Students in Stage 3 might go deeper, looking at a specific product within the canteen and exploring the agricultural, manufacturing and transport systems that operate to deliver food to the canteen.
[Changes – ST3-5LW-T: explore examples of managed environments used to produce food and fibre]
[The diagram shows steps taken to produce the ingredients to make a cheese sandwich in the school canteen using three ingredients: bread, cheese and butter. It moves from a wheat grown interstate, to manufactured by bread company to bread. The diagram then moves from milk produced at local farm, manufactured by diary company to cheese and milk. The bread and cheese icons move to purchased at supermarket and butter moves to delivered by distributor. The purchased at supermarket and delivered by distributor icons both meet at cheese sandwich.]
Students might also consider ways of making this system better by identifying some of the problems that exist in the current context. Are there ways to minimise incorrect orders or missing items? Are there systems in place for students that forget to order or lose their money? Is there potential to digitise the system by ordering online?
In fact, over the past 20 years, the biggest impact on systems has been the significant improvement in our ability to communicate using technology.
[Impact – ST3-11DI-T: identify and explain how existing information systems meet the needs of present and future communities]
Many systems that once required people to be present in-person have been moved online, allowing people to do their banking, go shopping, attend university and even play video games with people on the other side of the world.
Although these digital systems have made things more convenient, they still carry the same potential for problems as their analogue predecessors. Think of a time when your mobile GPS system sent you the wrong way or the WIFI wasn’t working at home or school.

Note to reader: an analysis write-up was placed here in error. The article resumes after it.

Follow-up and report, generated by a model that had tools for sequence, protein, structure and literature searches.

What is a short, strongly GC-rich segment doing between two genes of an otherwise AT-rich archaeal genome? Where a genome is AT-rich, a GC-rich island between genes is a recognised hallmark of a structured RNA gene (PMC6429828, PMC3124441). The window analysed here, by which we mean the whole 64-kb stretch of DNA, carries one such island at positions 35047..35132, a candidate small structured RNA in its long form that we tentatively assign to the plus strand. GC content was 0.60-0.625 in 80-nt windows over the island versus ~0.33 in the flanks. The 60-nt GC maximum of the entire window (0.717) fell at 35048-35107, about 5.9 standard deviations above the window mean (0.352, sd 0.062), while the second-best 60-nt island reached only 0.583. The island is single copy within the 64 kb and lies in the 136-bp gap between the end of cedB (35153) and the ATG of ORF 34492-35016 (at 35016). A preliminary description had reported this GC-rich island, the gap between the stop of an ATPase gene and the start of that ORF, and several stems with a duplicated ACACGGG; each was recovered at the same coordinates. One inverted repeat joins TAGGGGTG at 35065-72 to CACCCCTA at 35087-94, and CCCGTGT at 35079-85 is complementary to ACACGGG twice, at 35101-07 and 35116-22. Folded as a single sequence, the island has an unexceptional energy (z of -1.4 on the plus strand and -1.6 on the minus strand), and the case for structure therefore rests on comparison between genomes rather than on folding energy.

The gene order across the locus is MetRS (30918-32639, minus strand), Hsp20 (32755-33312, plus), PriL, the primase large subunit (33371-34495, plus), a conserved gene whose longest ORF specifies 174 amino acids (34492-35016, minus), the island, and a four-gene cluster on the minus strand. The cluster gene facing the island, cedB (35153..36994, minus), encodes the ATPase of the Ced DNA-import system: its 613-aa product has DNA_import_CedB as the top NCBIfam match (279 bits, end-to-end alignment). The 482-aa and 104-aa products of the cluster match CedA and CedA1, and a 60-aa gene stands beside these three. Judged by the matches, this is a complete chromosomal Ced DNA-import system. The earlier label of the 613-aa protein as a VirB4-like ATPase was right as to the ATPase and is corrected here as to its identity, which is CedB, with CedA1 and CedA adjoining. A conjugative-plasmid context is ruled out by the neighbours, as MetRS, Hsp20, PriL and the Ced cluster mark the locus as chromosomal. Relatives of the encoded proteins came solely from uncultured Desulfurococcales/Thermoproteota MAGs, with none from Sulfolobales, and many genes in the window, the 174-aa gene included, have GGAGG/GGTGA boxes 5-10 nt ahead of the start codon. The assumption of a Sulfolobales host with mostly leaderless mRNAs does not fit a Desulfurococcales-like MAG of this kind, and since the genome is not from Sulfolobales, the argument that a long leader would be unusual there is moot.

[Wrong way. Go Back]
[Running WIFI check]
[WIFI now connected]
A well-structured system embeds backup plans or develops workarounds for such problems.
It is also important for students to understand how systems operate beyond human contexts. In Stage 2 - living things, for example, the inquiry question; ‘how are environments and living things interdependent?’, lends itself nicely to an exploration of systems thinking.
[Connections – ST2-4LW-S: describe how living things depend on each other and the environment to survive]
Students might explore the system of pollination involving bees and flowers, how food chains and food webs form the basis of ecosystems or the interesting world of symbiosis where organisms work together for mutual benefit. This understanding of environmental systems is an important precursor for the examination of more complex systems, such as the water cycle, which students explore more explicitly in Stage 4.
Systems thinking is an important addition to the new Science and Technology K-6 Syllabus. Systems of varying complexity are operating around us at all times and the ability to identify, problematise and improve these systems is an important skill for students to develop.
The science and technology page on the NSW Department of Education website contains additional syllabus implementation support materials for teachers, including professional development opportunities. If you would like further information about syllabus implementation, please contact the science and technology K-6 curriculum team on the details below.
[Science and technology K-6 curriculum support. email@example.com. education.nsw.edu.au/science]
[This video features the song “Sunny” by Bensound. copyright © 2019 licensed under a Creative Commons License Attribution-NoDerivs (3.0) license. https://www.bensound.com]
[© 2017 NSW Education Standards Authority (NESA) for and on behalf of the Crown in right of the State of New South Wales.]